The Sussex Astronomy Centre is pleased to announce the availability of fully-funded PhD studentships starting in 2022, working in any field of research in the Astronomy Centre. Go to the Physics and Astronomy website for more information.
The Sussex Astronomy Centre offers the opportunity to study for a PhD in Astronomy, for which the normal duration of study is expected to be three years. The format is almost exclusively research-based, although students attend a number of short courses during their first two years on current research topics given by members of the Astronomy Centre.
PhD projects may be exclusively theoretical or observational but many combine aspects of both. It is normal for students to attend at least one relevant international conference during their three years of study, and most students working on observational research projects will normally undertake a number of observing trips (depending on the requirements of their project) to telescopes overseas.
The normal PhD student intake each year is about four or five, about two of which are funded via STFC Quota awards. In a major change to previous years, all students from around the world are eligible to apply for our funded studentships provided by the STFC science funding council, which is part of the UKRI (more details are here https://www.ukri.org/our-work/developing-people-and-skills/find-studentships-and-doctoral-training/get-a-studentship-to-fund-your-doctorate/). In additional good news, we expect that the university will waive the difference in tuition fees between those for overseas students and home students if you are awarded this studentship. However, at most 30% can of the studentships may be funded to students who are neither British nor EU nationals with settled or presettled status (you should also be aware you may have to pay visa and health insurance fees). For EU nationals arriving in the UK after the 1st of January 2021 it is no longer possible to gain this status. This is a recent change, so please be patient while we understand the full implications.
Student progress is reviewed annually by written report and interview to ensure timely completion of the PhD.
Projects and supervisors
Each year our faculty members (currently ten excluding those on sabbatical will between them offer a total of 10-15 PhD projects. With typically four or five students starting their PhD each year, there are many more projects than students. Students will be allocated a nominal project and supervisor on accepting a PhD place, but there is some flexibility to change project on arrival in October. All students are allocated a second supervisor, whose share of supervision can amount from a nominal 5% (offers occasional advice) to 45% (genuine joint supervision).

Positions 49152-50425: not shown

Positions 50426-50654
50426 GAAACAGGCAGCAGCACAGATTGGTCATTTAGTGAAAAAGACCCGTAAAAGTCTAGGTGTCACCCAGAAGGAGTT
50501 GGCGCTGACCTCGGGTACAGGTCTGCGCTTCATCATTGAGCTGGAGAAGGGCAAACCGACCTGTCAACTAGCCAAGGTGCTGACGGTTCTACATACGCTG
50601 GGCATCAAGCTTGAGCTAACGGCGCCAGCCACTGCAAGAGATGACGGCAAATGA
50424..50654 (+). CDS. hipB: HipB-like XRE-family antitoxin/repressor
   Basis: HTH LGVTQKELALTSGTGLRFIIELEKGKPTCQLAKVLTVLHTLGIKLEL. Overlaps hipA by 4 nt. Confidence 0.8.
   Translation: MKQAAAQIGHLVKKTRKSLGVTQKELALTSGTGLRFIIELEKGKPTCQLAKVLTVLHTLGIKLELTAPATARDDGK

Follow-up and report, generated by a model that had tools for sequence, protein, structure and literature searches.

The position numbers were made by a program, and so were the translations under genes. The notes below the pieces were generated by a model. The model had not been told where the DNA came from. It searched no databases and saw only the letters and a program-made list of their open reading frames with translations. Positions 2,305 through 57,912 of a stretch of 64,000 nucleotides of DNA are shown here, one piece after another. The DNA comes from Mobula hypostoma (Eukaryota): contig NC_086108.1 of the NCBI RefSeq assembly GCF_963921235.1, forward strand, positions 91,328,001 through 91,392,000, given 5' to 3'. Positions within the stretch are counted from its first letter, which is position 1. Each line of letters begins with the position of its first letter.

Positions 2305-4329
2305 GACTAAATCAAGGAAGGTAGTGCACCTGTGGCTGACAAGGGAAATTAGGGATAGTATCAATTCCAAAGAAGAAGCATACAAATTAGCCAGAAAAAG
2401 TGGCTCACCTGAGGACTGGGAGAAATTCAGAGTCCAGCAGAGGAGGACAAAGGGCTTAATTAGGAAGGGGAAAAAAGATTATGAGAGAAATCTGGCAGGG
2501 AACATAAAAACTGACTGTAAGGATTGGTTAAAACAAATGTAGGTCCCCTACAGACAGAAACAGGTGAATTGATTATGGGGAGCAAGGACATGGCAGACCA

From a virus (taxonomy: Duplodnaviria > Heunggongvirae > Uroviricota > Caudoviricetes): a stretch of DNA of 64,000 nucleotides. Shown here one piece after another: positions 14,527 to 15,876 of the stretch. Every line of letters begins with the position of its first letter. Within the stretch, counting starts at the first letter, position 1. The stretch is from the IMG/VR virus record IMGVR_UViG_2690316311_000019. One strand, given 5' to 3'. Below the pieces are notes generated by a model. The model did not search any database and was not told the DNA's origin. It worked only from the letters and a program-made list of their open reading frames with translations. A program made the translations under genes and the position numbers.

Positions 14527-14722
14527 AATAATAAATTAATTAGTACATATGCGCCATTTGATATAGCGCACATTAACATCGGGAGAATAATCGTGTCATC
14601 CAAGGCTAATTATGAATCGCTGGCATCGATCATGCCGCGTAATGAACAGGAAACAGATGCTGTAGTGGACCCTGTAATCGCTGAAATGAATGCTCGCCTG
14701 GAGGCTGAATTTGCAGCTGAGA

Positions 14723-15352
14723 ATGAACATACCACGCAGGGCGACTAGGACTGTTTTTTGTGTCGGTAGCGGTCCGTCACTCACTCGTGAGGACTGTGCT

A preliminary list of projects offered is given below. These projects are given only as a guide, and applicants are encouraged to discuss their own ideas for research projects with potential supervisors. Insight into the current research interests of potential supervisors can be found on the research pages and by looking at their recent papers using NASA/SAO ADS or the preprint arXiv (astro-ph). The interview day is also an opportunity to discuss projects in more detail before giving final preferences.
The project list below if typical, but is not yet updated for 2022 admission. Please check back later.
|Chris Byrnes||Constraining the small scale perturbations in our big universe|
|Ilian Iliev||Simulating the Cosmological Structures|
|Signatures of Cosmic Reionization|
|Antony Lewis||Microwave Background polarization|
|Jon Loveday||Galaxy surveys with 4MOST, Euclid and LSST|
|Seb Oliver||Galaxy evolution - a multicomponent machine-learning model
Dust obscuration of star formation in the distant Universe
|Kathy Romer||Clusters of galaxies as cosmological probes and astrophysical laboratories: making use of the latest X-ray and optical surveys.|
|David Seery||Inflation in the post-Planck era
|Peter Thomas||Galaxy formation using world-leading numerical simulations and observational surveys|
Postgraduate study requirements
The minimum academic requirement for admission as a PhD student is the equivalent of a UK upper-second-class honours degree. Most students admitted to the PhD programme hold a first-class honours degree, Masters degree or equivalent in a relevant subject. If you are studying for a degree overseas and are unsure of its UK equivalent value, email email@example.com.
See our Academic Requirements FAQ for more useful information about first degree requirements and some specific information for applicants from the USA.
Overseas and EU students must also provide evidence of proficiency in written and spoken English.
Our PhD degree involves three-four years of study and is almost exclusively by research. However, in the first two years students attend a range of courses designed to provide key research skills and knowledge of current research in astrophysics. The structure of a PhD in the UK contrasts with that available in the United States and elsewhere, where one or two additional years of study, involving a substantial course-based component, is completed before the exclusively research-based element begins. As a consequence, students embarking on a PhD at Sussex will normally have completed training in a physics-based degree to masters level.